Today I can use other devices and services. But it’s a pain. They have different user interfaces. The original metadata problem that first drove us to Sooloos and Roon, if the different systems sort and classify things differently. “Shifting Grace”: Roon sorts it under Michele Rabbia, a mobile device under Marilyn Crispell, both are known and favorite artists, but another tool sorts it under Vincent Courtois whom I never heard of, and yet another sorts it under “Vincent Courtois/Michele Rabbia/Marilyn Crispell” which means it doesn’t show up under any of those artists. And car and A&K portsble have hundreds of GB and 600+ CD quality albums, so if things are mis-sorted I never find them.

Is it possible? Sure. But it is not good.

And managing space when copying selected music to the devices. And different formats and sample rates and bit depths. Gaah!

The reason I keep harping on this is that sync is a hard problem (as we have discussed with @Danny), especially multi-master. Imagine I have a home system and an office system. I once copied my home library to the office. Now I edit the metadata and buy some new albums and edit their metadata in the office. I can sync by copying the new albums and the entire database over to home. But what if I am not so tidy that I bring the entire database with me and resync every day? I do some more edits and buy some albums at home? How do I merge those databases? Merge with conflict resolution requires not just sophisticated database technology but semantic awareness. At home, I edit the artist for an album; at the office, I give it five stars. If I just copy one database over I lose one update. If the system understands the semantics it can keep both because they don’t conflict. But if I gave it five stars in one place and three stars in the other, which edit wins?

Practical issues: I delete an album from my mobile device to make room, how do we sync? Delete it from the other devices? NOOO, I still want the album. Copy it back to the device where it us missing? NOOO, then I can’t use a small device. Accept the album is missing in some devices as long as it is on the others? Sounds ok, but one day you delete the copy on the last device because delete was a non-risky operation, but oops… Treat the home system as the master, never sync from the others to the master? Too rigid, means I can’t download a new album when I’m traveling, that’s no good.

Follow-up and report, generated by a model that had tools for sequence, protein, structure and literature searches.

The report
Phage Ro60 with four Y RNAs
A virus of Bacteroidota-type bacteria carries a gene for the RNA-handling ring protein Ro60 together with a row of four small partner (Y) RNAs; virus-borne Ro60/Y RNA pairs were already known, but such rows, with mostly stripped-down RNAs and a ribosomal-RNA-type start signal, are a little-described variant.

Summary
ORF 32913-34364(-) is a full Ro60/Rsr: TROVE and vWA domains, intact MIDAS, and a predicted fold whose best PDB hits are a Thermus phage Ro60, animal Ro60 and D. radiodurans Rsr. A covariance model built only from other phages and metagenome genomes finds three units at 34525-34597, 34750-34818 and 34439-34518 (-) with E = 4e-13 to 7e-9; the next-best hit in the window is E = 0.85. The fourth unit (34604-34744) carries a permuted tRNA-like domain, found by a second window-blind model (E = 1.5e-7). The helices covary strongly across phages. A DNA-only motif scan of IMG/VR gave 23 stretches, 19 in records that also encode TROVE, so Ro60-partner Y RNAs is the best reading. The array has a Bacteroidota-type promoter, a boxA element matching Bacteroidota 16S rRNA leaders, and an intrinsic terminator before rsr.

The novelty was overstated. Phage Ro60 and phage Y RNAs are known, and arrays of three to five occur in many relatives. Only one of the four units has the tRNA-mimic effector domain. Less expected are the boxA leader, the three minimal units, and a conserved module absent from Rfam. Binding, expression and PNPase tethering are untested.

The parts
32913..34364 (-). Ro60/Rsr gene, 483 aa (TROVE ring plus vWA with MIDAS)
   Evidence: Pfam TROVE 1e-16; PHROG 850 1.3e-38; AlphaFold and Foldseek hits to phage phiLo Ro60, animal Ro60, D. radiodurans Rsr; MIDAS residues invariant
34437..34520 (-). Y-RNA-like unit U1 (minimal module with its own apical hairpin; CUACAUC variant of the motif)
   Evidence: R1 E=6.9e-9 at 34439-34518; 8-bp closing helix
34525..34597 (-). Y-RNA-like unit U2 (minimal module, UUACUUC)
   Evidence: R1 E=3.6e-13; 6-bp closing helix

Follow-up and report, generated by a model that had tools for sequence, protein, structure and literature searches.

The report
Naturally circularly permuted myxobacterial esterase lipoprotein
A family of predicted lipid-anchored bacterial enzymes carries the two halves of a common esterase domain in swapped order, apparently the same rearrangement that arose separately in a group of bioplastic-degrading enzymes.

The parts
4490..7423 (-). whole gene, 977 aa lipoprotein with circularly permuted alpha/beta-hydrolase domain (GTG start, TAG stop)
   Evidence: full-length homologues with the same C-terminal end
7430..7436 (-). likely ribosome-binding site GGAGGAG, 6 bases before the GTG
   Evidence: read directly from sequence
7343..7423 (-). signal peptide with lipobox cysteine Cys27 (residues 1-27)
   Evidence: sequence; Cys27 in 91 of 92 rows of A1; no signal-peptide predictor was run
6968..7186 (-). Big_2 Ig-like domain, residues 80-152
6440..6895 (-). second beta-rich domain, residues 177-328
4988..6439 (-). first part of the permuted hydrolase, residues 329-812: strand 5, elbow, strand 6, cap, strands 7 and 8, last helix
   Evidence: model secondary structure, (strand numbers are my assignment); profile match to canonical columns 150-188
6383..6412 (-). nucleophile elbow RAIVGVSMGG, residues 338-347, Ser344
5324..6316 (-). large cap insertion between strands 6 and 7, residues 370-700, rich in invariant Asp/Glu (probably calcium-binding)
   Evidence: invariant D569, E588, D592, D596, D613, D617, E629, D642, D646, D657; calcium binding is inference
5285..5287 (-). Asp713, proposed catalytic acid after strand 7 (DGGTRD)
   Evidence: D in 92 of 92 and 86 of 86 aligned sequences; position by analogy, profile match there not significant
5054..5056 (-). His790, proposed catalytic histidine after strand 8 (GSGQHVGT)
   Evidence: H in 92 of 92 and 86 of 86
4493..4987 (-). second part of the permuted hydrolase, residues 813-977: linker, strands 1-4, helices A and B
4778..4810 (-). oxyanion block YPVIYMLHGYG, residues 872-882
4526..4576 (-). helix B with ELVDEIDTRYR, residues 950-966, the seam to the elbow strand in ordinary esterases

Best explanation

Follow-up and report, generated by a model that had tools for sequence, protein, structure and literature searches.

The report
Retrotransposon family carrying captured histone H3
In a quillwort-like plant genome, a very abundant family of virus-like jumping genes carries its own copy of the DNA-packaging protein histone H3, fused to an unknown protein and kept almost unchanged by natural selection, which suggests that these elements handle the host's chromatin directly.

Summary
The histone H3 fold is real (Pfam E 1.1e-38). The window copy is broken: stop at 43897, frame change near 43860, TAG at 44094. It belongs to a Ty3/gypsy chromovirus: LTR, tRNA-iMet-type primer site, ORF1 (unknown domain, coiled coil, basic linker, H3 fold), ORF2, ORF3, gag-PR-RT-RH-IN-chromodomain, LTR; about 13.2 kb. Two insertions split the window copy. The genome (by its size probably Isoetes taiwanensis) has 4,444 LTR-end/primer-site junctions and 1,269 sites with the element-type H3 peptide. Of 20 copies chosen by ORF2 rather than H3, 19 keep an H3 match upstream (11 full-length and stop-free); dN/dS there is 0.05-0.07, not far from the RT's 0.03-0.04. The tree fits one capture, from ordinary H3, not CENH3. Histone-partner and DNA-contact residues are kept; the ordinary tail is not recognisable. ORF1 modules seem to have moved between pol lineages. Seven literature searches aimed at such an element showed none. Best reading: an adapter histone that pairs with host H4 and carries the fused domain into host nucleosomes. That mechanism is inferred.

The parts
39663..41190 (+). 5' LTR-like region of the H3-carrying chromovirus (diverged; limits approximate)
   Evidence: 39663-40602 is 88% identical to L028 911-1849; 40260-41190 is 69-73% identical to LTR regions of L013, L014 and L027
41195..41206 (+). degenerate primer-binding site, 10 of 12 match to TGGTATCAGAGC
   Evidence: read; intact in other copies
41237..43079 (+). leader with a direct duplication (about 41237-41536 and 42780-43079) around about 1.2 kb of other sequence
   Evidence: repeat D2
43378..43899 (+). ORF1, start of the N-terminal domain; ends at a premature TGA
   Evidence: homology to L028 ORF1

Hacking about with a mess of different and uncoordinated devices is cumbersome and errorprone.

In my mind, fixing this changes my life. I’m going to be happy when I get metadata editing, but it won’t change my life.


I would be happy with outside the house options, all of them available to those that need/want, be it onboard stored / downloaded tracks, remote streamed tidal or even streamed remote from my NAS via whatever connectivity I have…granted if it doesnt meet speed needs its going to be unusable. I have all that now on my NAS via DS Audio (Synology) and I use it a lot.

Whilst I understand peoples desire to have access to Roon anytime, anyplace, anywhere I am not fussed at all.
Luckily I live in the UK where we have some of the best Radio in the world via the BBC.
I work for myself and listen to a lot of talk radio. BBC Radio 4 including ‘The Archers’, BBC Radio 4 extra, BBC Radio 5 Live and the many BBC High quality music station.
Not having Roon available is great as this becomes my dedicated radio listening time with no other options.
I can get all this free (Save the bargain of the license fee) and easily via FM or DAB. When asked about my education I explain I have a degree in life via Radio 4.
The audio quality is not relevant as the content is so strong. If your lost in a radio drama, what more could you need.
If your following a discussion or listening to a knowledgable speaker on her subject, clarity is all that’s required.
What am I trying to say? Nothing really other than, Lucky Me!

Thoughts, Chris :sunglasses:

Banking off of the northeast winds
Sailing on a summer breeze
And skipping over the ocean like a stone

One day we will do this with Roon, but I’m not betting on 1.3. Sounds like the kind of thing that might need a 2 in front of it.

I “desperately need” mobile offline use of my Roon database and music. Note that this is not just to do with phones (although I have the biggest iPhone 7 which would work pretty well) but also to do with laptops.

I spend much of my life on the move with my 1Tb MBP and would be able to fit a good subset on that.

Not only a matter of getting access to the music (I can do that with export, as I currently do) but of being able to use and edit tags and metadata in a seamless manner. And of course play counts.